Ohio Department of Health, OAFP Collaborate to Launch Innovative PCMH Program

Students Receive Scholarships in Exchange for Promise to Practice in Ohio

October 01, 2012 05:30 pm Matt Brown

With the help of the Ohio AFP (OAFP), the Ohio Department of Health (ODH) recently turned a valve that will release a river of future primary care physicians flowing into the Buckeye state to provide higher quality health care.

[Ted Wymyslo, M.D. at podium addressing crowd]

Ohio Department of Health Director Ted Wymyslo, M.D., an OAFP member, addresses the crowd at the January 2012 announcement of $1 million in grant funding to be used for the implementation of the Ohio HB 198 PCMH Education Pilot Project.

The Ohio HB 198 PCMH Education Pilot Project(www.ohioafp.org) was two years in the making. The project is unique because it not only transforms 50 carefully selected primary care practices into patient-centered medical homes (PCMHs), but it also uses those PCMH clinics to train medical students and primary care residents, as well as advanced practice nursing (APN) students, to deliver care in the new model.

According to Ted Wymyslo, M.D., ODH director and a member of the OAFP, the project also provides annual Choose Ohio First Primary Care Scholarships to 50 medical and 30 nursing students. To qualify for a scholarship, students have to participate in PCMH model training opportunities during medical school, commit to a post-residency primary care practice in Ohio for at least three years and accept Medicaid recipients as patients without restriction. Medical students will receive up to $30,000 per year (up to $120,000 total) and APNs will receive up to $10,000 per year (up to $30,000 total).

Story Highlights

  • The Ohio AFP worked with the state department of health to create a pilot project that will transform 50 primary care practices into patient-centered medical homes (PCMHs) that will then train medical students and primary care residents, as well as advanced practice nursing (APN) students, to deliver care using the PCMH model.
  • Fifty medical students will receive up to $30,000 in scholarship funds per year (up to $120,000 total). As part of the deal, students must return after residency and practice in Ohio for three years.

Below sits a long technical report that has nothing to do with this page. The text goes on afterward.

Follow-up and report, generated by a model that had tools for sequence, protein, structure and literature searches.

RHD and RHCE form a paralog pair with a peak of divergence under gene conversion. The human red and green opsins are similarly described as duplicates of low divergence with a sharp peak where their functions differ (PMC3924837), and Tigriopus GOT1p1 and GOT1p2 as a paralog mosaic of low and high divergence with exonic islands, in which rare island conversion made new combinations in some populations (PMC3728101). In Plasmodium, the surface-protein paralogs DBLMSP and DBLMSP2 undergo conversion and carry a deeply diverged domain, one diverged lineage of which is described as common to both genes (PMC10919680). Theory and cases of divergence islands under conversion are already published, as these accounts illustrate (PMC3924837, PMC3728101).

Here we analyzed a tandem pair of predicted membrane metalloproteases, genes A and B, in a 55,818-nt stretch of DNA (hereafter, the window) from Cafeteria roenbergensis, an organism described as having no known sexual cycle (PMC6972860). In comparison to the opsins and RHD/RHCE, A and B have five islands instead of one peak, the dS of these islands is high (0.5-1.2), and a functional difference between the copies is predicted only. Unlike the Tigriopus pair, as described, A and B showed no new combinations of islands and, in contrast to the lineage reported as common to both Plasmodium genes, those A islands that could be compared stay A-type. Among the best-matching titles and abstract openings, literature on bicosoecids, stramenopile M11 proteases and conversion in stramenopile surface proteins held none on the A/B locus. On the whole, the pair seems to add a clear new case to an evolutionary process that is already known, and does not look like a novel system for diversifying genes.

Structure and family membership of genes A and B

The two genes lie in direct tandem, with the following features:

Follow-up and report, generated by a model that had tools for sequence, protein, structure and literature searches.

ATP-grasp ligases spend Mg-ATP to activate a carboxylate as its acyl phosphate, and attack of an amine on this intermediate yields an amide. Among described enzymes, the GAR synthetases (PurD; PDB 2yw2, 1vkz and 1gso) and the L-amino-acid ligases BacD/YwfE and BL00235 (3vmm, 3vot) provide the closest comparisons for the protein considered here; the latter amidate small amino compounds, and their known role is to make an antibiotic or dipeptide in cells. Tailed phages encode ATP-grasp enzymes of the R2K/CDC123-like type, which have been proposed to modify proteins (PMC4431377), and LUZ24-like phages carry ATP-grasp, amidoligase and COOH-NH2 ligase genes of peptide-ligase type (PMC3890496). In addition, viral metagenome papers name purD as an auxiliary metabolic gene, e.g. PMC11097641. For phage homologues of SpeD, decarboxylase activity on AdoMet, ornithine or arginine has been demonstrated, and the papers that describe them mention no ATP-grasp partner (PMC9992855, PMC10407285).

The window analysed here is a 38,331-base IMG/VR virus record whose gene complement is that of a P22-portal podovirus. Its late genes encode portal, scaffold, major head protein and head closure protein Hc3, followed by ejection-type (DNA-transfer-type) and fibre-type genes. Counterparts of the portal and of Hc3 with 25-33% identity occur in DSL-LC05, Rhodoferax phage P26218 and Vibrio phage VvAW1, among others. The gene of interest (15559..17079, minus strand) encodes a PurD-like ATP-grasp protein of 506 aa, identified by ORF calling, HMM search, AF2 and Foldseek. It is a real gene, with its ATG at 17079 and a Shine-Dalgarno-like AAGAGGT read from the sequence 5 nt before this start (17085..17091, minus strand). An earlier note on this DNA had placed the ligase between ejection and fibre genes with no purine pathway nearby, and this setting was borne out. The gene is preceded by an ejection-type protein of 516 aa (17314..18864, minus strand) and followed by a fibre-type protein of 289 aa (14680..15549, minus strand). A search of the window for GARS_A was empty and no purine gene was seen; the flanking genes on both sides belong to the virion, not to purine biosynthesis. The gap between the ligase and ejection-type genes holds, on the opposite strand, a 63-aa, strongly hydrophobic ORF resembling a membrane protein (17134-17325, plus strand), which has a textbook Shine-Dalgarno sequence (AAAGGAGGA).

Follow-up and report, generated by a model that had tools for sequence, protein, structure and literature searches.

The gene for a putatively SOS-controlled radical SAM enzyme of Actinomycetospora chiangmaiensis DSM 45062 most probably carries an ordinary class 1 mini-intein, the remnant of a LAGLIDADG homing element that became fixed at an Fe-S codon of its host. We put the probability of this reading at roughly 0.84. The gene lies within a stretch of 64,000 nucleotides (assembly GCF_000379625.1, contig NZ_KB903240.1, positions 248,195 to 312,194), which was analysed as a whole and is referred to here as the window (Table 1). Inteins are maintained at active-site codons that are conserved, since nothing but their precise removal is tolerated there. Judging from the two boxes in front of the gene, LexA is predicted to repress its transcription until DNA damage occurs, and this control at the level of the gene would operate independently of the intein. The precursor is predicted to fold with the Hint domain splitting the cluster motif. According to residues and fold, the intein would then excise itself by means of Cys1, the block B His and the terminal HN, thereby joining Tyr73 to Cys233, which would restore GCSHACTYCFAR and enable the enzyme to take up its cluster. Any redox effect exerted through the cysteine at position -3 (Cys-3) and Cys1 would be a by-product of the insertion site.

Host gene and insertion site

• A portion of the money from the scholarship program also goes into one-time grants for PCMH curriculum implementation at the medical and nursing schools in the state.

"The broader focus with this initiative is on education and attention to the pipeline of future primary care physicians," Wymyslo said. "Most of the prior pilot projects that relate to PCMH have been focused on putting practices into alignment with the PCMH principals and moving them all to National Committee for Quality Assurance recognition. This project is somewhat unique in that it really requires that any of the practices that participate in that transformation to also be teaching … and have an educational affiliation that is established with medical and nursing schools so that we cannot only transform the practice, but also ensure that we are teaching the next generation of clinicians in a setting that we feel is the ideal practice setting.

"We wanted to make sure that we enhanced the chance that students who were interested in primary care would maintain that focus throughout medical school," he added. "Hopefully then, those students would land in and stay in residencies and practices in the state of Ohio."

Ann Spicer, OAFP EVP, explained that the program is exciting because it is about so much more than simply transforming practices to the PCMH model.

"A lot of times, when medical students go out to primary care practices in their rotations, they see a lot of unhappy docs and a lot of dysfunction in the health care system and in the way that primary care practices are functioning," Spicer said. "So having this model available for them to look at and learn in a much better environment, it makes a much more positive impact on the students who are going to eventually be making a residency choice, which I think is huge."

Wymyslo also pointed out that, although he anticipates that the scholarship program will enhance recruitment and improve resident retention rates, the project doesn't require scholarship recipients to do their residency in Ohio.